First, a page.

Matt Spritz HD 89 Republican candidate

Matt Spritz crosses six-figure fundraising mark in HD 89 race

Republican House District 89 candidate Matt Spritz announced his campaign had brought in more than $100,000 since he filed for the seat in late June.

Spritz’s July campaign finance report isn’t available online yet, but he said in a Wednesday news release that 124 donors have contributed over $78,000 to his campaign since he filed on June 26. The Boca Raton Republican also touted $35,000 in money raised through his committee, “Invest in Florida,” over the same span.

Spritz kicked off his campaign with a $40,000 loan and raised an additional $5,300 during the last five days of June, so his July report will likely show $33,000 in contributions.

“I am very excited by the early support we have received,” Spritz said. “Though the primary is over a year away, we are working hard to make sure we have the resources to reach voters with our positive message of economic prosperity and principled conservatism. Our campaign will not be outworked.”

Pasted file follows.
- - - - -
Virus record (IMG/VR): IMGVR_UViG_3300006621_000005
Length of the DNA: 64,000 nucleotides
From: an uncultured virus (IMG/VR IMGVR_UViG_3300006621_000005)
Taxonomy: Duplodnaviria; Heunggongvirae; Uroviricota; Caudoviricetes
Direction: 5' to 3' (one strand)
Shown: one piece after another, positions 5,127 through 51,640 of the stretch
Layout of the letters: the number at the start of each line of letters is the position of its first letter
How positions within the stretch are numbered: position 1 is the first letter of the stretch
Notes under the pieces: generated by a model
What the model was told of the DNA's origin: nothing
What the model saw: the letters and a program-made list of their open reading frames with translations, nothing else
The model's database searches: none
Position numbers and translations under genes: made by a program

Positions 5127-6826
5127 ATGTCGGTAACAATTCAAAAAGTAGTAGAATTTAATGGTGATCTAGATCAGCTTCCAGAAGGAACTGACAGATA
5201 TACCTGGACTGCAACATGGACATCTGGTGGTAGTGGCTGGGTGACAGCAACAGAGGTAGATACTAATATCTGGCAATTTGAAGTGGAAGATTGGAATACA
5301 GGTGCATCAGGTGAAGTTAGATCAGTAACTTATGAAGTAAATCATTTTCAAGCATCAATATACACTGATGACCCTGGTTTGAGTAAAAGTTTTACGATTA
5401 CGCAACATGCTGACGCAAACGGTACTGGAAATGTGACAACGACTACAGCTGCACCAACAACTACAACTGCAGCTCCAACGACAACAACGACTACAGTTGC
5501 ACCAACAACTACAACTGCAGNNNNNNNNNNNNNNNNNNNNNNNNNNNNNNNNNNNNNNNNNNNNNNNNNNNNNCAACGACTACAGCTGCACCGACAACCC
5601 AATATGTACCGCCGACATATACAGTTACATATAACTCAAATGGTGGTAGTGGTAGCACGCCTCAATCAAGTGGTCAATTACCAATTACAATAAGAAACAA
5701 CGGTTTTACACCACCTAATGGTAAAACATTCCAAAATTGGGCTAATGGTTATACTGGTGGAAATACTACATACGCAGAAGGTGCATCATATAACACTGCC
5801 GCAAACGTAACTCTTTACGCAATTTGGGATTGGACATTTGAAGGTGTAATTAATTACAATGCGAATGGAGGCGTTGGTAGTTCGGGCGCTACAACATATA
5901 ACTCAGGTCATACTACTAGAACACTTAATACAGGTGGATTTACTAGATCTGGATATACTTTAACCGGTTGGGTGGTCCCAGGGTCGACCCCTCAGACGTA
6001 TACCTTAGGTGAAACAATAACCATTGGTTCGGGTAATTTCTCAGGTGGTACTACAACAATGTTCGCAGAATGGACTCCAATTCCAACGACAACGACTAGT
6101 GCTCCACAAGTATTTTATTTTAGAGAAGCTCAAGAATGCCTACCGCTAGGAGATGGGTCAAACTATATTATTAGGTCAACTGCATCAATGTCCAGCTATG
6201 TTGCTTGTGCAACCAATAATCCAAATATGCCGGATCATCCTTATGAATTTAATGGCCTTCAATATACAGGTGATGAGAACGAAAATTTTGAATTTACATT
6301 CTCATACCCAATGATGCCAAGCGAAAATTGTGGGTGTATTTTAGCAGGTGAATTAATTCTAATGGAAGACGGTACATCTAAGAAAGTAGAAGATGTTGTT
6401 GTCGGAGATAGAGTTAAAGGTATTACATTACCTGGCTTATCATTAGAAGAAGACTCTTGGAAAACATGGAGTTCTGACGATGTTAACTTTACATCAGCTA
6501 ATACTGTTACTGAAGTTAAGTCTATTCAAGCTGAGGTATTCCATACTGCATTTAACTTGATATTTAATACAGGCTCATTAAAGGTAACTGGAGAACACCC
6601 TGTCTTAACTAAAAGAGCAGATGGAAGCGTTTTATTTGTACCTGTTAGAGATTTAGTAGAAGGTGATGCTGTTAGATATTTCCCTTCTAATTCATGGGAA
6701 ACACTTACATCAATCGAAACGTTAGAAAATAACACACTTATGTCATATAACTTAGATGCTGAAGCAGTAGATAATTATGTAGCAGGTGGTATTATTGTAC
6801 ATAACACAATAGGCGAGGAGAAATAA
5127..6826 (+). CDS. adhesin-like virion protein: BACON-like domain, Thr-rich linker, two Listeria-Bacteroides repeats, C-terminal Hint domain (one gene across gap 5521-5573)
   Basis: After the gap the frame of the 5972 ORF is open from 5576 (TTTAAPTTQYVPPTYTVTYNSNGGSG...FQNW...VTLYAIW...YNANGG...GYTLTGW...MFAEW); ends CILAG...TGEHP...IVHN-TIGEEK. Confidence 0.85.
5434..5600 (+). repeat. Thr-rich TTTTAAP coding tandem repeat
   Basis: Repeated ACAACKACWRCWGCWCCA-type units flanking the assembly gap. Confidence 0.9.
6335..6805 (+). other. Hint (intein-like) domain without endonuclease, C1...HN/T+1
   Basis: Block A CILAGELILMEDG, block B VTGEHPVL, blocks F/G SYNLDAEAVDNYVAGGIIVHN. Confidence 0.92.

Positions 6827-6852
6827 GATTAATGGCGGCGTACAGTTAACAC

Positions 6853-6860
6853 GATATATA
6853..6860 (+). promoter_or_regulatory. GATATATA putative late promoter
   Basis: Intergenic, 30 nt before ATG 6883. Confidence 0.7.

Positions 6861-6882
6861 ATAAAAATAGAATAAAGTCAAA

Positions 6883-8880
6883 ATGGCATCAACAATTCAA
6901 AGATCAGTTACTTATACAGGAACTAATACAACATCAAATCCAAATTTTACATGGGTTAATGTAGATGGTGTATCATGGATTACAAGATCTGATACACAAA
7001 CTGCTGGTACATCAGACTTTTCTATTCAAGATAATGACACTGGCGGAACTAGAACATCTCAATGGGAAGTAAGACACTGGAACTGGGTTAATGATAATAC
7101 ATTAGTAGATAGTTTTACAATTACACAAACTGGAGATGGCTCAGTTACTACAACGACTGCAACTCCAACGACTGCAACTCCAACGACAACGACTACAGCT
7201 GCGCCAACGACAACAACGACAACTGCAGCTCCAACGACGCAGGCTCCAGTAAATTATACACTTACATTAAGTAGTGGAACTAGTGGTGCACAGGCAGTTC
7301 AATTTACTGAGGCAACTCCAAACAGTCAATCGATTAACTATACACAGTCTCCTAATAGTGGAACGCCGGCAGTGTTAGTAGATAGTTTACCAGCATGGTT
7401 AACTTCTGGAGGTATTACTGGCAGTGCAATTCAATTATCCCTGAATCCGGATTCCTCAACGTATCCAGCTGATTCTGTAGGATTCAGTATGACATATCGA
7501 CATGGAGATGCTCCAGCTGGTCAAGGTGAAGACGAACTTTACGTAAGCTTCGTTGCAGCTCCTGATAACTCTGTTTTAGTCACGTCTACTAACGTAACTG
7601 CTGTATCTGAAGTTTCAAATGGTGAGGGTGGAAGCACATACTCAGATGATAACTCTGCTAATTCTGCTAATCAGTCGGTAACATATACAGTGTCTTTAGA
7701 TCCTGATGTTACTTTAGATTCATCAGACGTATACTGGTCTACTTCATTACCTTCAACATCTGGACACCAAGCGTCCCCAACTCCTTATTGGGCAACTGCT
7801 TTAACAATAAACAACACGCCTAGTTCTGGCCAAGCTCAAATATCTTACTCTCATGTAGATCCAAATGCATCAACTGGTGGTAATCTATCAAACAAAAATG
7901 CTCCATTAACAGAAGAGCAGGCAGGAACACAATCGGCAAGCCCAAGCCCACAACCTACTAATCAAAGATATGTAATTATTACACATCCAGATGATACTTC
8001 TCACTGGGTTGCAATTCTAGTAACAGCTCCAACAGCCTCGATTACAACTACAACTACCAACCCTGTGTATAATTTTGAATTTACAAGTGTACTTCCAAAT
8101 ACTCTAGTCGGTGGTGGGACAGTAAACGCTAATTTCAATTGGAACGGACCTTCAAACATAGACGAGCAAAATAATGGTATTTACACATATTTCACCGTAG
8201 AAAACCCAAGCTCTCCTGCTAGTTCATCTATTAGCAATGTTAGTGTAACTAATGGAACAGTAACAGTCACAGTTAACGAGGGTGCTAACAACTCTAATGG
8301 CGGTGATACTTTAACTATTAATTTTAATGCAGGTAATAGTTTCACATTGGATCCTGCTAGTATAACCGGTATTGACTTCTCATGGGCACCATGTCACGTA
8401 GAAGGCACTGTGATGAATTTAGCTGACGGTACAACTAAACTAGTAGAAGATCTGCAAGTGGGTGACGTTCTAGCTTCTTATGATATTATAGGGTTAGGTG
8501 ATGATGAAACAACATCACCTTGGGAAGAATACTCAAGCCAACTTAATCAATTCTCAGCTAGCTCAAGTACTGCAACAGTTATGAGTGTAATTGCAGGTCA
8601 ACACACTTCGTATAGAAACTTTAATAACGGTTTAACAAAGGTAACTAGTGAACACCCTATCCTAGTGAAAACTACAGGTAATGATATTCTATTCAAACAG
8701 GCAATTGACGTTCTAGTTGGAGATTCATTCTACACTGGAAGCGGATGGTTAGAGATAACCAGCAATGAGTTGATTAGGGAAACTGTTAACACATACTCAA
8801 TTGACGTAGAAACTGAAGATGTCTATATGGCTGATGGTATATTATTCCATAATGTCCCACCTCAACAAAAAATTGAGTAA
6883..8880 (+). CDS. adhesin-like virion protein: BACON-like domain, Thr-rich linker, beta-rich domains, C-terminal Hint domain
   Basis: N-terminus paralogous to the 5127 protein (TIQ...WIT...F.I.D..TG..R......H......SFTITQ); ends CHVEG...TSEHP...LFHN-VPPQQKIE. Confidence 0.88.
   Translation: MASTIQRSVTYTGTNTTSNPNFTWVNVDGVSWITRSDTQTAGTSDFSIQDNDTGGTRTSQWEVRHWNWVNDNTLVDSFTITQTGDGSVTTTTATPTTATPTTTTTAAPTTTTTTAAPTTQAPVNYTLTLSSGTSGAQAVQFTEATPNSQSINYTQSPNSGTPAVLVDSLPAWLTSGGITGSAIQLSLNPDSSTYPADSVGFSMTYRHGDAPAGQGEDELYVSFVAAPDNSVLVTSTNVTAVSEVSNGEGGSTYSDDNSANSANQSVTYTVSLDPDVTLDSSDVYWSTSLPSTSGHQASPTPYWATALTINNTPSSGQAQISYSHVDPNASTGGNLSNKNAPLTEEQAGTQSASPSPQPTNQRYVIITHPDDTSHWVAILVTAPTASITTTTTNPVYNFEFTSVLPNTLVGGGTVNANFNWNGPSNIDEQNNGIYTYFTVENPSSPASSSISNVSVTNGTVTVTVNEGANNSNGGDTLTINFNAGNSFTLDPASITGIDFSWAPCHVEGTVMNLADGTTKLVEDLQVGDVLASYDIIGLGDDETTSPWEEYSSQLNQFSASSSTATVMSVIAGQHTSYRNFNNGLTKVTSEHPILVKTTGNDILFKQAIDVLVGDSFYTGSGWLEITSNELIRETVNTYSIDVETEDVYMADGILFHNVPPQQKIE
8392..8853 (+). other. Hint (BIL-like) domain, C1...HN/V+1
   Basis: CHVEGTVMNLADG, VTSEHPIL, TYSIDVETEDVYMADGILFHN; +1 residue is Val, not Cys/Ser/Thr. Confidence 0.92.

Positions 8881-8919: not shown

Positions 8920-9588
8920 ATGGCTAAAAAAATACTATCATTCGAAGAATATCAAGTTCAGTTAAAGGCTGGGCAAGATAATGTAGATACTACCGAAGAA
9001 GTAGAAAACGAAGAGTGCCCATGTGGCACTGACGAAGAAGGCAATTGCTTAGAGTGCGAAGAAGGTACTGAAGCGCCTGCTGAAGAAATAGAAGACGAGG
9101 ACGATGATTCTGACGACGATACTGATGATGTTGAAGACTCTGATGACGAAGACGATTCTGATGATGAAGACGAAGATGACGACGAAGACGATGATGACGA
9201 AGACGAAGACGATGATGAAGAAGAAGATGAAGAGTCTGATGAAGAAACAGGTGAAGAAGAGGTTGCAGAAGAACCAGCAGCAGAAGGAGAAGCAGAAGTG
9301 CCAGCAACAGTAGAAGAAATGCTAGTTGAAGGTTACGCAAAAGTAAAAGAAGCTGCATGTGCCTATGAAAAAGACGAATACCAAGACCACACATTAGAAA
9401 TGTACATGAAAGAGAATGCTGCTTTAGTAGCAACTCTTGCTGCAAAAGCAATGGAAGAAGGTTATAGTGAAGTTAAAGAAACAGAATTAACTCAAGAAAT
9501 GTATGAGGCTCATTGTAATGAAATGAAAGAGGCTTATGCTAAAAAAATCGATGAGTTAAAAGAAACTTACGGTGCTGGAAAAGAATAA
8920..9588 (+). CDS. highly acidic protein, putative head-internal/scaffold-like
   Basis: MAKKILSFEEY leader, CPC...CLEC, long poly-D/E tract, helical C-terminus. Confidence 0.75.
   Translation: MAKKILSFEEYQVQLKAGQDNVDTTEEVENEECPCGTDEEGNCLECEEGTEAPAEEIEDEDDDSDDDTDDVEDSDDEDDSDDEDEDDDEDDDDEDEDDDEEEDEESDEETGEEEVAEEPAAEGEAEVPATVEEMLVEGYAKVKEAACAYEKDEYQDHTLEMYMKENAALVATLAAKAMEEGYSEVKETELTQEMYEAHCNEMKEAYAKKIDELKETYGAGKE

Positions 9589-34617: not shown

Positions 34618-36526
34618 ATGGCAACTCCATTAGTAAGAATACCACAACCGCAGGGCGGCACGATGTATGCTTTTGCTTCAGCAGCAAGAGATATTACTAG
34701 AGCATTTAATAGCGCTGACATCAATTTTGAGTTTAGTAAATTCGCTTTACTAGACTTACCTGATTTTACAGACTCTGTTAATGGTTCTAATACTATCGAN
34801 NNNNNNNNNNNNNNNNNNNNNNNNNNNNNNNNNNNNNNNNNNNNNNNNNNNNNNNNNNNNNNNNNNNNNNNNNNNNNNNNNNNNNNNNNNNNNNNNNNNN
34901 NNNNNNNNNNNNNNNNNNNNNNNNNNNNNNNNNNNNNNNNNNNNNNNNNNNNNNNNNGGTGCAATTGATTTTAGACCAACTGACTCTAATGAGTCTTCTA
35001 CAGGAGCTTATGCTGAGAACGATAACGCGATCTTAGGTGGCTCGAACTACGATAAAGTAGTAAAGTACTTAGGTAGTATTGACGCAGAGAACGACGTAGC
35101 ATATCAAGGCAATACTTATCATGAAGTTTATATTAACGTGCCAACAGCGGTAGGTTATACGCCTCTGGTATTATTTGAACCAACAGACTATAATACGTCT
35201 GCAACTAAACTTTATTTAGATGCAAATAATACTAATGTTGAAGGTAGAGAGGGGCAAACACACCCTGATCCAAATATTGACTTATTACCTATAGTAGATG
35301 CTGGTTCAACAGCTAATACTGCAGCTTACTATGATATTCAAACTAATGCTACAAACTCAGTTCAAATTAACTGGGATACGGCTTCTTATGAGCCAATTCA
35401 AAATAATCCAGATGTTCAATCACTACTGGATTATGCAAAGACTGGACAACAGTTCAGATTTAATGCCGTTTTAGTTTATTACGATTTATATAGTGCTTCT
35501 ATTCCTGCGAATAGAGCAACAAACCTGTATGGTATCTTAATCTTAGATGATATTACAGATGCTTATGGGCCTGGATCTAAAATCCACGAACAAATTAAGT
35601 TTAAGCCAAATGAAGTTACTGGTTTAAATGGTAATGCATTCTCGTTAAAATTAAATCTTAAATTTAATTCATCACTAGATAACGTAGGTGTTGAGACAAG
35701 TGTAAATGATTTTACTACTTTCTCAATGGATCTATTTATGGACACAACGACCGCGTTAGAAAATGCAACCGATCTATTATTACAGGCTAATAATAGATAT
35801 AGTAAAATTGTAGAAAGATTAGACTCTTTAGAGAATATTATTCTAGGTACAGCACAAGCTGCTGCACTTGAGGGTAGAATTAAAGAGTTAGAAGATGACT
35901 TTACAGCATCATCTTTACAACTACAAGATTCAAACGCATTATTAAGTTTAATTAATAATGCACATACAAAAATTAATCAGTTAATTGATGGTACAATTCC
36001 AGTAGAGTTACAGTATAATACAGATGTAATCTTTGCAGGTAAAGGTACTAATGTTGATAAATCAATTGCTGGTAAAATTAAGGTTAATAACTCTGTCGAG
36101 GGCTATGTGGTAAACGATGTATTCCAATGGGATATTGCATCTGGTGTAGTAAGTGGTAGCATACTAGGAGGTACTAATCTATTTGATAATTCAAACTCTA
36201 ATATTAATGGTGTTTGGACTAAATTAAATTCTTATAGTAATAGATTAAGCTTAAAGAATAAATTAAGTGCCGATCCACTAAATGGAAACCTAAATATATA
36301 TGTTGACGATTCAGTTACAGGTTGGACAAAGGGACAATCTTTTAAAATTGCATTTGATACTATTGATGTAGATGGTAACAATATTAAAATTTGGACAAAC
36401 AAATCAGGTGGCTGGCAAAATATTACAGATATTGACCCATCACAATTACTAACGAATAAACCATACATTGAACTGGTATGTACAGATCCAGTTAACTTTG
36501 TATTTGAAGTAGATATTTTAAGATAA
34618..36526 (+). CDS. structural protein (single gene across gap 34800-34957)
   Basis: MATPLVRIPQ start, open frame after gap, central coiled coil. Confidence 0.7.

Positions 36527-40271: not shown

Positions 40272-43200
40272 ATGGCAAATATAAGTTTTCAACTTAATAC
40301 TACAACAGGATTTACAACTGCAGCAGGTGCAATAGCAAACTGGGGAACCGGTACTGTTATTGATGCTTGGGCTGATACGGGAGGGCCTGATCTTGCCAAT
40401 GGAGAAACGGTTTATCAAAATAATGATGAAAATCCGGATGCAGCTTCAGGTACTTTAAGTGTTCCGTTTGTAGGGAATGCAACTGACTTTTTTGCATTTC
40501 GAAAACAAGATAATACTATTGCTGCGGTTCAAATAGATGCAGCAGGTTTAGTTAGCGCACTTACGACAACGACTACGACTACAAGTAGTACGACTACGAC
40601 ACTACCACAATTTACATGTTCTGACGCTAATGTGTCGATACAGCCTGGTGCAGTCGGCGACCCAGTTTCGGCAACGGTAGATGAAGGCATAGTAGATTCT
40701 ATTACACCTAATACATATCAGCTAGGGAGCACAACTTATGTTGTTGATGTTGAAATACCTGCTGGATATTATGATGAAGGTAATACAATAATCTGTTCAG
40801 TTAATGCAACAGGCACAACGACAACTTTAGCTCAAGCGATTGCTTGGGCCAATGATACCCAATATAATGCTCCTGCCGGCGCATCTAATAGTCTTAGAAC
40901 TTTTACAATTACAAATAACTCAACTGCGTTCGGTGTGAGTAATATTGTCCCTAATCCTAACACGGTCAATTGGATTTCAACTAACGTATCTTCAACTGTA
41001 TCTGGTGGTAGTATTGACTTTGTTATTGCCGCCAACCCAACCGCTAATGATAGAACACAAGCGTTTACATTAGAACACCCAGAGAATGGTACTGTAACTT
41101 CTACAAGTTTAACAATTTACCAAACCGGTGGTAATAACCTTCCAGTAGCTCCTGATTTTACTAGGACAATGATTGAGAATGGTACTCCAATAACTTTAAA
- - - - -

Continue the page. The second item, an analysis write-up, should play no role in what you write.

While the primary is indeed a year away, Spritz is not yet facing any Republican opposition for the GOP-friendly pocket in Palm Beach County, and announcements celebrating six-figure campaign hauls may be an attempt to keep it that way.

The Emory University and New York University Law School alumnus is one of two candidates running for the seat, which is currently held by term-limited Republican Rep. Bill Hager. His opponent, Democrat Ryan Rossi, filed back in May and had raised about $3,200 through the end of June.

District statistics from 2016 show about 3,000 more registered Republicans than Democrats, and Hager never had much of a problem holding the seat in the three elections since it was redrawn.

Hager won both his 2012 and 2014 re-election campaigns with 53 percent of the vote, while in 2016 his opponent failed to qualify for the ballot, leaving him unopposed for his final term.

Carlos Curbelo draws Democratic challenger

Republican U.S. Rep. Carlos Curbelo has picked up a challenger in his 2018 re-election campaign in Florida’s 26th Congressional District.